Rice chefs mentor next generation of culinary artists
Last fall, a group of Houston high school students got an education on campus that not only shaped their minds but, potentially, their careers.
Their teachers were intimidating at first. They carried knives, after all, and the classrooms could be hot, loud and hectic. But the experience — getting trained by Rice’s award-winning chefs and a real-world taste of working in the culinary arts — was a top-shelf opportunity.
“Agreeing to participate in the culinary internship at Rice University was one of the best decisions I’ve ever made in my life,” said Lamar High School student Lauren Harris. “This experience has broadened my outlook on culinary [arts] and has taught me several valuable life lessons that I will definitely take with me to college and future careers.”
This fall, Rice is again collaborating with the Houston Independent School District culinary arts program to provide high school seniors the opportunity to work as interns alongside the university’s executive chefs. Fourteen students from Lamar High School and Barbara Jordan High School for Careers will experience the workings of a commercial kitchen.
For Rice, reaching out to Houston’s K-12 community is a chance to realize one of the points of its Vision for the Second Century, which aims to engage and integrate the city of Houston with Rice University’s campus and programming.
For the high school students, participating in the program gives them the opportunity to gain the experience that would allow them to decide if culinary school is the path they want to pursue after graduation.
The firsthand experience also dispels the ideas students might have gotten from TV about the culinary arts.
“I expected the job to be like the TV show ‘Hell’s Kitchen,’ with chefs screaming in your face and getting mad for one single and small mistake,” Lamar High School student Gabriela Chajon said. But the chefs were nice and very outgoing, she said.
But it’s also not the seemingly glamorous work they might see on the Food Network; it can be hard and sometimes tedious work.
“This is the real glamour time,” said Chef Johnny Curet, director of residential dining. He worked with Mark Ditman, associate vice president for housing and dining; Julie Bogar, senior operations manager for the South Servery kitchen; Ann Swain, director of the Faculty Club; and HISD to establish the program that gives students academic credit, a paycheck for the work they do on campus and, upon graduation, a city of Houston Food Service Manager certificate.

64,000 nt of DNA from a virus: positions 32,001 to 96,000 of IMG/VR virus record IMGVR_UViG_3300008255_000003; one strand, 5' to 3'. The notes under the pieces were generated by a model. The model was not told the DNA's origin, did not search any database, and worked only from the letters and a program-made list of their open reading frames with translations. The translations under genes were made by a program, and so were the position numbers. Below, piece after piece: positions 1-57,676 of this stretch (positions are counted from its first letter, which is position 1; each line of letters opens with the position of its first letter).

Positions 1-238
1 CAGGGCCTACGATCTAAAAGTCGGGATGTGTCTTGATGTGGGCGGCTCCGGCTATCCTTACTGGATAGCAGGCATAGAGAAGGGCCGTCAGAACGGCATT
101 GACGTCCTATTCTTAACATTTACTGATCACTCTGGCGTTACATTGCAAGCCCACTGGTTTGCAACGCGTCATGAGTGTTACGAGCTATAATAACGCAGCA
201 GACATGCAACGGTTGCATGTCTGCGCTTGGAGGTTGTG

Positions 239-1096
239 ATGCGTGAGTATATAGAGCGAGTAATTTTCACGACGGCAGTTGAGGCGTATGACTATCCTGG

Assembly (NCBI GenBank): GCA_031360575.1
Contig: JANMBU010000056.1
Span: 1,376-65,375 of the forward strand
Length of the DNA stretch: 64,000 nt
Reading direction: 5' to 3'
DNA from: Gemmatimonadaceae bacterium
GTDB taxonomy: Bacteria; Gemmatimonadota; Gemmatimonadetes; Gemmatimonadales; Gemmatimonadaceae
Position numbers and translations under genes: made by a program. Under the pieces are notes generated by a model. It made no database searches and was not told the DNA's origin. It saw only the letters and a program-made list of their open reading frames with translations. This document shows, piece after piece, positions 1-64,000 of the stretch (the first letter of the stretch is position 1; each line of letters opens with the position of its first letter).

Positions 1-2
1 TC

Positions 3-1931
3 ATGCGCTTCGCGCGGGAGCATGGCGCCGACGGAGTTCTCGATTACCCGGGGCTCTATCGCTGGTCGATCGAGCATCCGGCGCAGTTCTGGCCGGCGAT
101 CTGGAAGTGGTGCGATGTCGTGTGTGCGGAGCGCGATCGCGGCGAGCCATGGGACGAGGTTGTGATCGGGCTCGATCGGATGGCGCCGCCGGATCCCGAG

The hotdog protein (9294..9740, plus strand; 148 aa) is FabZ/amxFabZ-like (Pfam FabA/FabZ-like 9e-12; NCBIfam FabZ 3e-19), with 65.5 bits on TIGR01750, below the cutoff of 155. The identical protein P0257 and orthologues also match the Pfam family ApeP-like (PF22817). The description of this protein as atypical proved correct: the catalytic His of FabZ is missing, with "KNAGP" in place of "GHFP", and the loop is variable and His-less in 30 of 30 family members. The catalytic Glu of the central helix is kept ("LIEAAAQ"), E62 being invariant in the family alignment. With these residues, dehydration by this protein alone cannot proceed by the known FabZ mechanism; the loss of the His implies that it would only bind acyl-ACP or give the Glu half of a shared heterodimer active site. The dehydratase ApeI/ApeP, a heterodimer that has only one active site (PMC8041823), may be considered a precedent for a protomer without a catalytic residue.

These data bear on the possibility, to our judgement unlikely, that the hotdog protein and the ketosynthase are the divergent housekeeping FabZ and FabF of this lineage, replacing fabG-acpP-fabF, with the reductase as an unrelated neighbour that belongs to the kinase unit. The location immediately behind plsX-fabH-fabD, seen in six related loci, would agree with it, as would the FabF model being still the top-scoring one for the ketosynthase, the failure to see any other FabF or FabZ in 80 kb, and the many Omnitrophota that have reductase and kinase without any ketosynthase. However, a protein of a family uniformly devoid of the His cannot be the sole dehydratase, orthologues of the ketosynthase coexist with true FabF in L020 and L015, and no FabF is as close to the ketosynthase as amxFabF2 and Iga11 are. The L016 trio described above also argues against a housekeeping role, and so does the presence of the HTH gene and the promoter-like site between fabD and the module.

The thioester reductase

Selection of students for the program is rigorous and involves group and one-on-one interviews and a skills test in which the students are given a “mystery basket” — a surprise assortment of ingredients from which they must make a meal. The students, in teams, have 30 minutes to create a menu and about two hours to cook a meal and plate the food.
Curet said this is where he gets a little devious: About 45 minutes before the teams are to plate their food, he gives them an additional ingredient that they must use.
“I’m actually not doing it to be devious; I want to see how they will respond,” he said. “They usually take it in stride.”
The exercise not only gives Curet an opportunity to assess their skill in the kitchen but also to see how well personalities will work together — not only the students with one another but also with Rice’s chefs.
Once selected, the students are assigned to kitchens and chefs across campus.
When Curet began the program last fall, the Rice chefs initially balked at the idea of working with high school students. Now, however, they are already asking Curet then they are going to get interns.
The students enjoy the one-on-one time with the chefs too.
“My chef was wonderful and I loved working with him,” Lamar High School student Erica Rose said. “He was so open and comfortable to talk to. I absolutely loved the experience and wish I could go back.”
“I appreciate the discipline the chefs instilled in me,” Harris said. “Even though the days seemed never-ending, I wouldn’t want to work anywhere else.”
As the year progressed, the students mastered skills and became more comfortable in their environment.
“The work seemed hard (initially) since they would give us boxes and boxes of vegetables to cut and afterward we would have to set up really hot pans and clean during the process of students getting the food and afterward having to clean and sanitize the kitchen and the work stations,” Chajon said. “The job seemed a little too overwhelming since we also had time limits for each job. It was more nerve-racking with the new tools and equipment the kitchen had.
“As the year progressed, the job seemed easier and we were able to complete more tasks faster. With the experience, we set up stations faster, cut faster and more correctly, managed to work with the new equipment very well and clean faster but, more importantly, satisfy our chefs with our good work. Cutting three boxes of zucchini was manageable and no longer a difficult task.”
The high schoolers’ exposure to the higher education environment was icing on the cake. For many, it was an opportunity to learn about a world they might previously have thought was not for them — or that they didn’t even know existed.
For one student, the program convinced her to continue her culinary education after high school graduation, and she ultimately secured a $20,000 scholarship to pursue her dream.
Curet is pleased with how well the program has gone and hopes to continue it. “I think we want it to be in our DNA,” he said.